Bones and remnants of long- lost warriors are constantly being found. The forearm of one of these soldiers was discovered by a local farmer after the Battle of Antietam. Nearly 150 years later, an anonymous donor gave it to the National Museum of Civil War Medicine in Frederick, Maryland. The right forearm appears muddy, and the skin and hand are still attached.

After the farmer discovered the arm, he kept it in a barrel of brine until he gave it to a local surgeon, who preserved it in embalming fluid. Eventually, the arm ended up at a private museum in Sharpsburg, and was displayed for years in a glass-topped pine case, with a placard that read, “Human arm found on the Antietam Battlefield.” The elbow joint appears undamaged, but the skin and tendons look to have been violently twisted.

Forensics experts are examining the limb to try and determine the nationality of the owner, as well as his diet and age. It is highly unlikely that they will ever discover who the arm actually belonged to, but who knows. The case could someday be solved.

Astounding Graffiti

Many Civil War sites are constantly battling encroachment. Progress dictates the destruction of numerous acres to make way for strip malls, parking lots, and God forbid, casinos (as is the never-ending debate taking place in Gettysburg). The Brandy Station Foundation is no exception.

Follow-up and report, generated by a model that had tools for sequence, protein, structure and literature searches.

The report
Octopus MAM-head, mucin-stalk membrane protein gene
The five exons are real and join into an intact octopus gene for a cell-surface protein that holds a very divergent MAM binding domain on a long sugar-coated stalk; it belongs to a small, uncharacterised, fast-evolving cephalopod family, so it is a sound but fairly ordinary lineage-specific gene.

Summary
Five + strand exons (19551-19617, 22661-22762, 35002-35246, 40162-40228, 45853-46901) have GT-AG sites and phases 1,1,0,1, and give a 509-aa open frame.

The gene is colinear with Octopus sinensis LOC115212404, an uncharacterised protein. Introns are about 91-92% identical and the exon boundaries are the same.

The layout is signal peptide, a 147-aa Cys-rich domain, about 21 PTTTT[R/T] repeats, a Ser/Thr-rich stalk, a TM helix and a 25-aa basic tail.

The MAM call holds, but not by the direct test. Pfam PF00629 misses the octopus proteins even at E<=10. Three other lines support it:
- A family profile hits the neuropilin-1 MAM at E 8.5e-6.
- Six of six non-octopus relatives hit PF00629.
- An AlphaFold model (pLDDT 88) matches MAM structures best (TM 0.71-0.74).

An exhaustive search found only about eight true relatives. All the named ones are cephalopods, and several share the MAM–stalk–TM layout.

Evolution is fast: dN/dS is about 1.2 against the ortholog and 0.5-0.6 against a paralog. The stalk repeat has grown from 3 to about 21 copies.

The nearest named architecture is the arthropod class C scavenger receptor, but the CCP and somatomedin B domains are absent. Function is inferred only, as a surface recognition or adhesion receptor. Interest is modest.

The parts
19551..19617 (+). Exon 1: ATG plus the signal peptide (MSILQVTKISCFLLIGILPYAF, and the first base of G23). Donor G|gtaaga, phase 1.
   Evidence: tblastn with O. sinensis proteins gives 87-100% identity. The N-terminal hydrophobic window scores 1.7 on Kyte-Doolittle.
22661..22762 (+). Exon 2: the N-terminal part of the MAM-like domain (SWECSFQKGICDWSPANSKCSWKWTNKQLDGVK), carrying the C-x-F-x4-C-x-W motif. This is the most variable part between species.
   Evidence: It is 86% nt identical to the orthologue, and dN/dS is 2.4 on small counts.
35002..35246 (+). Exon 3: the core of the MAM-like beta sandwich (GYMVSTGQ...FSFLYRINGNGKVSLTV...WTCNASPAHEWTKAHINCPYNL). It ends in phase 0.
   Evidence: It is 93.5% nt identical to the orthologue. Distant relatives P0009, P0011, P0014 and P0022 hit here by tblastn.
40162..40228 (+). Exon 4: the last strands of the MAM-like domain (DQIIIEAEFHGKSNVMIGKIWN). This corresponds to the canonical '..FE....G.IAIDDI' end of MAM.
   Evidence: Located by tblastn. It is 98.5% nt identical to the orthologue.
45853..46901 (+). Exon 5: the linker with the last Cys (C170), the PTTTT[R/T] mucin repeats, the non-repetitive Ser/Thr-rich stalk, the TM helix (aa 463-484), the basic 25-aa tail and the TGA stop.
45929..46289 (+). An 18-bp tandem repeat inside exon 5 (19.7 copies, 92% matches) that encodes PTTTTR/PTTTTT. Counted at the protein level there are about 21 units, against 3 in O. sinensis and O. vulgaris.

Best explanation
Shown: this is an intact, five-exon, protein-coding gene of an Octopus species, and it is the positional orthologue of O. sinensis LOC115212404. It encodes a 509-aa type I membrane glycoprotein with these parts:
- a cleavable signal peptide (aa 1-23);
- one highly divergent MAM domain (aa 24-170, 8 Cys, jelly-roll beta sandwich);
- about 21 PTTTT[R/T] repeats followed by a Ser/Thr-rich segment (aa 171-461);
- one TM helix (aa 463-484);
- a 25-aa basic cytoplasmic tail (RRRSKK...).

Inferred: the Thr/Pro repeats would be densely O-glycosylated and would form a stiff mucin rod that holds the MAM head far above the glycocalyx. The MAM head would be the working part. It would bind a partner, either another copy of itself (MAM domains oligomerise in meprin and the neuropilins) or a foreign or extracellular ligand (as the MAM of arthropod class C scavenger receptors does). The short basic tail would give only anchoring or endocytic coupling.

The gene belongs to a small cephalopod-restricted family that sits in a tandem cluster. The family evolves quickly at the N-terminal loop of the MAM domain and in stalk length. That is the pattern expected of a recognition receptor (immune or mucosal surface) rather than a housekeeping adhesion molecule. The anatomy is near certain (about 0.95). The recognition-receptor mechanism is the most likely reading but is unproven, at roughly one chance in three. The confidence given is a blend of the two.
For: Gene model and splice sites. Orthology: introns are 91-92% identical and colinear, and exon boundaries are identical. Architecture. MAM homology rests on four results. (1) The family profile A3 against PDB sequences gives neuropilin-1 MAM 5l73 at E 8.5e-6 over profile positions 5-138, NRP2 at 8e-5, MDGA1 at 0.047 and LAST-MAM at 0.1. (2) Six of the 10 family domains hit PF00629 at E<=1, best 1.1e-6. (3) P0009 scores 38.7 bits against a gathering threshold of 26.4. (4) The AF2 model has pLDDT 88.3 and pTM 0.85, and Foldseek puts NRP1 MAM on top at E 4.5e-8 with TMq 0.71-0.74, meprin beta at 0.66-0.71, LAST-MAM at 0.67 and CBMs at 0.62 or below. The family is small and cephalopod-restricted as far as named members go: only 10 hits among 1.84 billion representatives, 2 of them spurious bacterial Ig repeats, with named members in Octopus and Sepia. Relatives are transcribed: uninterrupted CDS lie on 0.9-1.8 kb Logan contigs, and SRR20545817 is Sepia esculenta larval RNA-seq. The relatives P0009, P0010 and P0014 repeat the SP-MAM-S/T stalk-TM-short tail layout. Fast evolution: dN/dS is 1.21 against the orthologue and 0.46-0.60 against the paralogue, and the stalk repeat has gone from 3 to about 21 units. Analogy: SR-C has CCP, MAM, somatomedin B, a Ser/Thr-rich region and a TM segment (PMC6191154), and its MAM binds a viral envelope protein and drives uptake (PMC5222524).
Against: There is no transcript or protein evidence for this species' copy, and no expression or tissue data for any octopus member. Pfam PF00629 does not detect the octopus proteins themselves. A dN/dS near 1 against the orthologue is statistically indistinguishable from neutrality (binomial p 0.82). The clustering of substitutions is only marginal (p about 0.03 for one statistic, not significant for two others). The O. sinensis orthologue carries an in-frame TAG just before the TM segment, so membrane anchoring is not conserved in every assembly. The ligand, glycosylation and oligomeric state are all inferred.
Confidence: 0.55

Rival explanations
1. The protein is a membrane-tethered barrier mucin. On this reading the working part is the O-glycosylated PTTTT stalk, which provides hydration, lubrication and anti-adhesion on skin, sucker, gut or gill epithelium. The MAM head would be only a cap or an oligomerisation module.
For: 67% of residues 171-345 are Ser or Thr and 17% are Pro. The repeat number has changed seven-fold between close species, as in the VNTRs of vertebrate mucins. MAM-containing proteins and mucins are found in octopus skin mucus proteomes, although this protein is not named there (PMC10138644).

The Battle of Brandy Station happened on June 9, 1863. It was the largest cavalry battle to take place on North American soil. The Brandy Station Foundation is constantly trying to procure additional land where this astounding battle took place. On Fleetwood Hill, houses have been built, and the land has been parceled off to private owners. However, with sufficient funding (and it’s a lot, let me assure you), the foundation is slowly obtaining more land to be designated for preservation.

On the tracks of the Orange and Alexandria Railroad, which are still very much in use, stands an old structure now known as the Graffiti House. This two-story white clapboard building is believed to have originally been used for storage. Because Culpeper County changed hands 78 times over the course of the Civil War, the house was occupied by both Union and Confederate soldiers alike.